I think I saw it once, too.<quoted text>
There is a division in NASA that specializes in postulating that if there would be macro life on a certain planet, what it would look like. For example, in Jupiter, a macro organism would be like an air baloon constantly rising and falling upon different temperatures. I saw that on natgeo once.
I'm not sure how reasonable such postulations are though.
Do you think Optimus Prime could be out there somewhere?
Thing is, it is impossible to say. Macro organisms function within a food chain. There must be a base food source (on earth it is plankton, grass and shrubs). Herbivora eats the grass and gets hunted by carnivora.
Now, Population dynamics show that there is a relationship between herbivora and carnivora. If herbivores are defenceless against carnivores, they all get eaten and die out. However, if they are too well defended, carnivores die out.
For this reason there is an evolutionary (for want of a better term, I will call it "mechanism") mechanism we call "The Red Queen".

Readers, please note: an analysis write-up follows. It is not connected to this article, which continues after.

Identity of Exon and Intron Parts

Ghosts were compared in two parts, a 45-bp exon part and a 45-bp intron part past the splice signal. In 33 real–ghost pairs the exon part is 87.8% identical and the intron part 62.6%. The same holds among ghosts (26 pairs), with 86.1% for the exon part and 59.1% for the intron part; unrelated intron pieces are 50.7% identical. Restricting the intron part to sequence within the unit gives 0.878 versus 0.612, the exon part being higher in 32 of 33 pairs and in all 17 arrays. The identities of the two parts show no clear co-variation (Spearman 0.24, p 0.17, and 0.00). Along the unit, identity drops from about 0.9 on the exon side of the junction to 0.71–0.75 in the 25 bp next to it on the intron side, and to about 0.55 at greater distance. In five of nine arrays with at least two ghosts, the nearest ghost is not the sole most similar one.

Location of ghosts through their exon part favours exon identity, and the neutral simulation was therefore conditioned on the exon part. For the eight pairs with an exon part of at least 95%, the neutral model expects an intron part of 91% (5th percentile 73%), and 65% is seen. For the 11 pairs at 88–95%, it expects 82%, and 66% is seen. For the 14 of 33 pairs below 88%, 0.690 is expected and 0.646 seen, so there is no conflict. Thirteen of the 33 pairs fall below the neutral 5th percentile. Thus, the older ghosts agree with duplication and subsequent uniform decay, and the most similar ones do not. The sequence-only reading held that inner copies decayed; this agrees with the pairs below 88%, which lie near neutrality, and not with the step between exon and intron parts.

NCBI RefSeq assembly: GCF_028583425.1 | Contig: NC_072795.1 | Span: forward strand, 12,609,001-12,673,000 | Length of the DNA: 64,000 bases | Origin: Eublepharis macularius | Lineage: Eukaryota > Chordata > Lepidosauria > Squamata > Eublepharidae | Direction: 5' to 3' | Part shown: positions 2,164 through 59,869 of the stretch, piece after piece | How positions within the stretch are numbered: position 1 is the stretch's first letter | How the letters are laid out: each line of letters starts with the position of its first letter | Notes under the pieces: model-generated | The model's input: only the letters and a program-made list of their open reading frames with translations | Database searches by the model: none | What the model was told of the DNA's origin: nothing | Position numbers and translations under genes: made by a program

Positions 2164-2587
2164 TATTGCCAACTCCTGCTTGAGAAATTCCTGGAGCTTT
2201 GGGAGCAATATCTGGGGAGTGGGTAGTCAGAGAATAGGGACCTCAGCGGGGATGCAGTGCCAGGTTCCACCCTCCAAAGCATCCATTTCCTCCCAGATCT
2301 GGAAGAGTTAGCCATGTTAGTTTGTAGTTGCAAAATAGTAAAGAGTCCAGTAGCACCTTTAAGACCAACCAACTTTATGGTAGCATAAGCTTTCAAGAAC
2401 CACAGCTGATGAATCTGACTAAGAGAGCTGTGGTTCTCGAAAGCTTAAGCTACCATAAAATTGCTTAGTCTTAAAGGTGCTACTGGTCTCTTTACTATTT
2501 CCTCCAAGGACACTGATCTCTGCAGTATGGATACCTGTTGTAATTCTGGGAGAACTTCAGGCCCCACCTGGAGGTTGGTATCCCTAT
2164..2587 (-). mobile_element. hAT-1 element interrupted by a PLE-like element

Ever watch Alice in Wonderland? Where the Red Queen tells Alice that no matter how fast she runs, she will stay in the same place. How this applies to evolution, is that yes, herbivores evolve defences, but carnivores evolve brains, cunning, teeth and claws. And somehow this is perpetuated throughout the fossil record.
Think Lions and Buffalo. Think Great White Shark and Fur Seal. Tyrannosaurus Rex and Triceratops. Allosaurus and Stegosaurus.
And the defences vary. Sone animals like gazelle evolved to be very fast and agile. Some herbivkres, like mice, breed by the thousands (so a single kill does not hurt the population). Triceratops evolved into arguably the most dangerous animal ever to walk on land. Parasauralophus involved infrasound and could warn other memebers over many miles, Giant Sauropods just grew too damn big to be killed. Even cows, chicken and sheel - they grew easy to domesticate. Humans kill them by the million, but they are bred by the billion.
Niw, for every change a herbivore undergoes, a carnivore needs to go through changes to counteract that. Leopards evolved ambush technique. Human beings evolved to be smart enough to build tools to hunt. T-Rex evolved giant jaws and banana shaped teeth. Lions evolved to be smart, fast, agile and powerful.
All the while, keeping that balance.
How is this relevant to the discussion? That we cannot possibly know what mechanisms or behaviour extra terrestrial employ to either kill prey, or fight off predators